I ran and took up my position at the window of my ante-chamber, which commanded a view of the staircase, and before long I saw her running by to rejoin her three companions. When she got opposite to my window she chanced to turn in that direction, and on seeing me cried out as if she had seen a ghost; but she soon recollected herself and ran away, laughing like a madcap, and rejoined the other ladies who were already in their room.

Reader, put yourself in my place, and tell me how I could have avoided this meeting. And you who would bury yourselves in monastic shades, persevere, if you can, after you have seen what I saw at Zurich on April 23rd.

I was in such a state of excitement that I had to lie down on my bed. After resting a few minutes, I got up and almost unconsciously went towards the passage window and saw the waiter coming out of the ladies’ room.

“Waiter,” said I, “I will take supper in the dining-room with everybody else.”

“If you want to see those ladies, that won’t do, as they have ordered their supper to be brought up to them. They want to go to bed in good time as they are to leave at day-break.”

“Where are they going?”

“To Our Lady of Einsiedel to pay their vows.”

“Where do they come from?”

“From Soleure.”

“What are their names?”

“I don’t know.”

I went to lie down again, and thought how I could approach the fair one of my thoughts. Should I go to Einsiedel, too? But what could I do when I got there? These ladies are going to make their confessions; I could not get into the confessional. What kind of a figure should I cut among the monks? And if I were to meet the abbot on the way, how could I help returning with him? If I had had a trusty friend I would have arranged an ambuscade and carried off my charmer. It would have been an easy task, as she had nobody to defend her. What if I were to pluck up my heart and beg them to let me sup in their company? I was afraid of the three devotees; I should meet with a refusal. I judged that my charmer’s devotion was more a matter of form than any thing else, as her physiognomy declared her to be a lover of pleasure, and I had long been accustomed to read womens’ characters by the play of their features.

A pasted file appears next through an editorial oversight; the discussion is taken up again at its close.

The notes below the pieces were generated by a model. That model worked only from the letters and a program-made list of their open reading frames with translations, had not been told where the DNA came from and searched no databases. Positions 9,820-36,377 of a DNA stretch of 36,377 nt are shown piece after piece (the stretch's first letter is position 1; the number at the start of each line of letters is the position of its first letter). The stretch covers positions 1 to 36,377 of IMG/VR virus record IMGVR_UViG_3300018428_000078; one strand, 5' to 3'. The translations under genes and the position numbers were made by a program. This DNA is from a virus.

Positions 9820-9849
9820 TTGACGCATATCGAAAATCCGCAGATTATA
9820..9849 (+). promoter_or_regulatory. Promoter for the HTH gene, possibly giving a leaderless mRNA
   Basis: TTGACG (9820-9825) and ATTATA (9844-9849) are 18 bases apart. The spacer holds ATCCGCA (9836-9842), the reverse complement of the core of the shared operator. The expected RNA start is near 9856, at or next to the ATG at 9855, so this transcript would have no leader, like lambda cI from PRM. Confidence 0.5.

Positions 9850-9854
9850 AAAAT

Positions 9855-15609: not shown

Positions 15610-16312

I did not know which way to turn, when a happy idea came into my head. I went to the passage window and stayed there till the waiter went by. I had him into the room, and began my discourse by sliding a piece of gold into his hand. I then asked him to lend me his green apron, as I wished to wait upon the ladies at supper.

“What are you laughing at?”

“At your taking such a fancy, sir, though I think I know why.”

“You are a sharp fellow.”

“Yes, sir, as sharp as most of them; I will get you a new apron. The pretty one asked me who you were.”

“What did you tell her?”

“I said you were an Italian; that’s all.”

“If you will hold your tongue I will double that piece of gold.”

“I have asked your Spaniard to help me, sir, as I am single-handed, and supper has to be served at the same time both upstairs and downstairs.”

“Very good; but the rascal mustn’t come into the room or he would be sure to laugh. Let him go to the kitchen, bring up the dishes, and leave them outside the door.”

The waiter went out, and returned soon after with the apron and Le Duc, to whom I explained in all seriousness what he had to do. He laughed like a madman, but assured me he would follow my directions. I procured a carving-knife, tied my hair in a queue, took off my coat, and put on the apron over my scarlet waistcoat ornamented with gold lace. I then looked at myself in the glass, and thought my appearance mean enough for the modest part I was about to play. I was delighted at the prospect, and thought to myself that as the ladies came from Soleure they would speak French.

Le Duc came to tell me that the waiter was going upstairs. I went into the ladies’ room and said, “Supper is about to be served, ladies.”

“Make haste about it, then,” said the ugliest of them, “as we have got to rise before day-break.”

I placed the chairs round the table and glanced at my fair one, who looked petrified. The waiter came in, and I helped him to put the dishes on the table, and he then said to me, “Do you stay here, as I have to go downstairs.”

I took a plate and stood behind a chair facing the lady, and without appearing to look at her I saw her perfectly, or rather I saw nothing else. She was astonished the others did not give me a glance, and they could not have pleased me better. After the soup I hurried to change her plate, and then did the same office for the rest: they helped themselves to the boiled beef.

While they were eating, I took a boiled capon and cut it up in a masterly manner.

“We have a waiter who knows his work,” said the lady of my thoughts.

“Have you been long at this inn?”

“Only a few weeks, madam.”

“You wait very well.”

“Madam is very good.”

I had tucked in my superb ruffles of English point lace, but my frilled shirt front of the same material protruded slightly through my vest, which I had not buttoned carefully. She saw it, and said, “Come here a moment.”